When Governor Greg Abbott signed Senate Bill 693 into law in 2017, Texas became one of only a handful of states in the country to pass some variation of a school bus seat belt law.

The law was spurred in part by a tragic accident that left two Houston Independent School District students dead in 2015, when an HISD bus plunged from an overpass. Two Furr High School students lost their lives. Then-Texas State Sen. Sylvia Garcia, D-Houston authored SB 693 and championed the legislation until it became law.

Despite the school bus seat belt law, many Texas school buses remain belt-less.

That’s because the legislation requires three-point seat belts on all buses that are model year 2018 or later. The law does not require Texas school districts to retrofit older busses with seat belts and allows school districts to opt out of the three-point seat belt requirement if a school board determines that its budget does not permit the district to purchase a bus that is equipped with seat belts.

According to HISD, all students are required to use and securely fasten 3-point belts when available, and any time a bus is in motion. Students are encouraged to use and fasten lap belts when available, and when a bus is in motion. As the district procures new buses, it plans to phase out older buses in the fleet that do not have 3-point safety belts. ISDs screamed after the new seat belt legislation in 2017 because it was estimated that it would cost between $7,346.00 and $10,296.00 per school bus and potentially reduce the number of student passengers per bus. A 2-point seat belt regularly sells for $50.00 plus installation. Texas mandated 3 point safety harnesses in 2017 legislation signed by Gov. Abbott. 

As of August 2018, HISD had a fleet of 1,132 buses. 420 buses had lap belts and only 173 were outfitted with three-point safety belts. Many ISDs do not have the requisite three point harnesses because their bus fleets are older. 

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The Hays school community mourned the loss of two people, including a pre-K student, after a crash involving a school bus Friday afternoon.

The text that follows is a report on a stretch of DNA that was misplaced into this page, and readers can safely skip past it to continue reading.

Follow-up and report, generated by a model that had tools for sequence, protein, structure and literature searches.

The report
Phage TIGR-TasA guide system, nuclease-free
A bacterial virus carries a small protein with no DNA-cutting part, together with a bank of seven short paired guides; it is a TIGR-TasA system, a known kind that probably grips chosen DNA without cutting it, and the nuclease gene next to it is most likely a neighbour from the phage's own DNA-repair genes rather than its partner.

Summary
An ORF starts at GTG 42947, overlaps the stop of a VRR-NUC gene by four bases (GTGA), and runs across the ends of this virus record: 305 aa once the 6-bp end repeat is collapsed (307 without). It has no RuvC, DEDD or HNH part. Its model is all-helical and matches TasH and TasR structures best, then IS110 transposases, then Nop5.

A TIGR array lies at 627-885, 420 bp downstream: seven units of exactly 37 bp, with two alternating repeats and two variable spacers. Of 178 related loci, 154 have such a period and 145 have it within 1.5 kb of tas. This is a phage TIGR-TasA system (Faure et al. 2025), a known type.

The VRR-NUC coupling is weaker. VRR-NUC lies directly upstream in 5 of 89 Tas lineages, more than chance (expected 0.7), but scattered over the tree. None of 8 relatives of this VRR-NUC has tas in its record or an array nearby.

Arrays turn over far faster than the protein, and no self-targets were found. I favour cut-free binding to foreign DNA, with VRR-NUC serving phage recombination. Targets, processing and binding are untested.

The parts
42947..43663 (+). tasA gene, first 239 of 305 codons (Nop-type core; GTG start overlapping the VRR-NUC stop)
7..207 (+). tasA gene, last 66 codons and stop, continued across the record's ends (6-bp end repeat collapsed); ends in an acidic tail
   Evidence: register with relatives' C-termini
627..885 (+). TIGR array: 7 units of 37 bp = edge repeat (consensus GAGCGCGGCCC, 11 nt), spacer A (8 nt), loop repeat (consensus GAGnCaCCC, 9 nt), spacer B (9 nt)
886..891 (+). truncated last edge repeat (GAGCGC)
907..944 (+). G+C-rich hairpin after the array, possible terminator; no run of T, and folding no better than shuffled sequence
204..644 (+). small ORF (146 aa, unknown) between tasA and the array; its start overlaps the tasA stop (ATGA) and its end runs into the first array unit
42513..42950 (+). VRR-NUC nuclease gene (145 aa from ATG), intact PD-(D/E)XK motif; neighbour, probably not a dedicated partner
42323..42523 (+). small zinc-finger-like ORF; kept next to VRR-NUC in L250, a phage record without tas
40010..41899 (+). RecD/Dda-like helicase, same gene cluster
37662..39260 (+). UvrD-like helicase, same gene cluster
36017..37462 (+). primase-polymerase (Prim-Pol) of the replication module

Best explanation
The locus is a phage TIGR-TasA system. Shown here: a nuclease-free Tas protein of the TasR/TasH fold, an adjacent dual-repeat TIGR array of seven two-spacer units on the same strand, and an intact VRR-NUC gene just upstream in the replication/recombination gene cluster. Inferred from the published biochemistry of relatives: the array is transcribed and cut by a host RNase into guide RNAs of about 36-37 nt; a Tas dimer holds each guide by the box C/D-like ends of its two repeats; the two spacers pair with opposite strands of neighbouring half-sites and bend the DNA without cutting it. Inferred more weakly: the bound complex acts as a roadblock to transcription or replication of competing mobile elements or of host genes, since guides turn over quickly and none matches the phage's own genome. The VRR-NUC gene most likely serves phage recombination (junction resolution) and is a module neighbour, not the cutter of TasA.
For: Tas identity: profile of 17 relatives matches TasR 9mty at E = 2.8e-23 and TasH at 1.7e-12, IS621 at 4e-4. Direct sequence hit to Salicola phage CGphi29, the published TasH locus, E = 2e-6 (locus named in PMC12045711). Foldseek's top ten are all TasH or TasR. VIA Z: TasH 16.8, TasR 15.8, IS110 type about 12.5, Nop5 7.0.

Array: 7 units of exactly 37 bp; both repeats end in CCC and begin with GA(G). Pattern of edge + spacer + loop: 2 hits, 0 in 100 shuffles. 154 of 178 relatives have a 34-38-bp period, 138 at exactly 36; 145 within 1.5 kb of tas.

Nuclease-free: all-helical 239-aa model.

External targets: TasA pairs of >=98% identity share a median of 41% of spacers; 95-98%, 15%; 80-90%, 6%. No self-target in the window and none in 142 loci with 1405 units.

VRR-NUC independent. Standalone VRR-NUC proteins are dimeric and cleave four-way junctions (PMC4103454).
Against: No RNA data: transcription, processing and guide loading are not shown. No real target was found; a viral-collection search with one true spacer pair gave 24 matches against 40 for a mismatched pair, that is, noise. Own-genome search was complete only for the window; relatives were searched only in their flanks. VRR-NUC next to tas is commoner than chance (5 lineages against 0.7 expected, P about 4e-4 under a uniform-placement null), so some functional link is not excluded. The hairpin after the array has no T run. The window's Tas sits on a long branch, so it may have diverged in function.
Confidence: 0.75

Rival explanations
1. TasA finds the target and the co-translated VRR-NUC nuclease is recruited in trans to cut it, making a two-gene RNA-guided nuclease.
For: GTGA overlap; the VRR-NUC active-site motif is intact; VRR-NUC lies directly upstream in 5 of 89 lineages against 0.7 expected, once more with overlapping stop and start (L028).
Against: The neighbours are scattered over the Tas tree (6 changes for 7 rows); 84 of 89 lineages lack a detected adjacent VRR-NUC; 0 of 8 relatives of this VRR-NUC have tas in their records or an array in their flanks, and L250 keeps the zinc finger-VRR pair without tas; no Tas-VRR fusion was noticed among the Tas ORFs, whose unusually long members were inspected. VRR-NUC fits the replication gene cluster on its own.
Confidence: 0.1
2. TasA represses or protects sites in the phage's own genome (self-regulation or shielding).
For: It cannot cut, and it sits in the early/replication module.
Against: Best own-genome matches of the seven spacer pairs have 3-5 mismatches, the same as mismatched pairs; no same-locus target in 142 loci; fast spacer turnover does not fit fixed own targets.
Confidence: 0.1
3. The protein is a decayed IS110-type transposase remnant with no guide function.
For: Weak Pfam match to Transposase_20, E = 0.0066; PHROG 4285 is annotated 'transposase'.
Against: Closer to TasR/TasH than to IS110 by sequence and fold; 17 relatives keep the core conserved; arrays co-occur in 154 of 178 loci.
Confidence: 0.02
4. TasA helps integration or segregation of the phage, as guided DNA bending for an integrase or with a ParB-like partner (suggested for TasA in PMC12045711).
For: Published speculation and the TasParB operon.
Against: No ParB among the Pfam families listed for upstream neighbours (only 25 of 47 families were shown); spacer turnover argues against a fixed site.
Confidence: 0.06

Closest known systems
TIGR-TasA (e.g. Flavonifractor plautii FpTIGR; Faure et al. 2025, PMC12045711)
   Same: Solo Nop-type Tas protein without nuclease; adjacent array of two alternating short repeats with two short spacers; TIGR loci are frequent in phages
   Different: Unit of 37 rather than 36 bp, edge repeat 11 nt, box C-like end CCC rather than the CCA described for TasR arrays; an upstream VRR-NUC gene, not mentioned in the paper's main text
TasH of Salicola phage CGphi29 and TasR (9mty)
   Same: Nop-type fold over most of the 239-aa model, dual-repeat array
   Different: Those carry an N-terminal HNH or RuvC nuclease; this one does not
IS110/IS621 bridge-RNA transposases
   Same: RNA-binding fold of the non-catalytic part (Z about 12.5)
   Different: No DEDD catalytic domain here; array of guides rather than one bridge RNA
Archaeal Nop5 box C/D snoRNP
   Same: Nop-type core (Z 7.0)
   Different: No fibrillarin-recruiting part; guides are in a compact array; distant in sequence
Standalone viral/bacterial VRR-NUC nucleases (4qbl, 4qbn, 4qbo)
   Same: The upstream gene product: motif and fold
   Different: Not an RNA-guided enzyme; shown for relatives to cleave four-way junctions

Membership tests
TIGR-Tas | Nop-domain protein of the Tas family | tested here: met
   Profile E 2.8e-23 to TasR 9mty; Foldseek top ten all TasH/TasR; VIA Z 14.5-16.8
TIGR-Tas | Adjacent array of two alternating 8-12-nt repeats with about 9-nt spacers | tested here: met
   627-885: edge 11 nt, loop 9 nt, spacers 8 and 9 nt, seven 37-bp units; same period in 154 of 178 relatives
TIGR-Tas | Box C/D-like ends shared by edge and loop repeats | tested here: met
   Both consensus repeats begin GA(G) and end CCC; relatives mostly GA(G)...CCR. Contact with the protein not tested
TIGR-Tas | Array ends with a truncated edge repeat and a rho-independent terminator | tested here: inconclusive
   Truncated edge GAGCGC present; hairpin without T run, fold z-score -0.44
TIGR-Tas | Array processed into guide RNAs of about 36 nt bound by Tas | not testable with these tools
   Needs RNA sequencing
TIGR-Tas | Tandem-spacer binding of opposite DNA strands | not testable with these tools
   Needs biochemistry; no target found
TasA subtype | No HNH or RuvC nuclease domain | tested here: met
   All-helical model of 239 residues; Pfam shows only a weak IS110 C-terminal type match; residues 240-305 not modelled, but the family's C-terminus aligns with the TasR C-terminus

The two victims of Friday’s school bus crash in Bastrop County were identified as 5-year-old Ulises Rodriguez Montoya, a pre-K student at Tom Green Elementary School, and 33-year-old Ryan Wallace, confirmed separately by the Hays school district and the Texas Department of Public Safety.

Ulises loved the color green, his family, school and dinosaurs, the district said in a statement.

“He could almost completely spell the word dinosaur, which demonstrates how smart he was,” said Naira (Dina) Solís Shears, his pre-K bilingual teacher. “He always had a dinosaur drawn on all of the assignments he turned in.”

The crash — involving a Hays school bus, a concrete truck and another car — happened at 2751 W. Texas 21 near the intersection with Caldwell Road about 2 p.m. Friday, Texas Department of Public Safety officials said.

The 44 students and 11 adults on the bus were heading west, coming back from a field trip at the zoo in Bastrop, when a concrete truck heading east veered into the wrong lane and struck the bus, which rolled over, officials said.

Several children flew out of the bus, officials said.

Wallace, a Bastrop resident, was driving a Dodge Charger behind the bus and struck the back of the vehicle. He wasn’t part of the school group.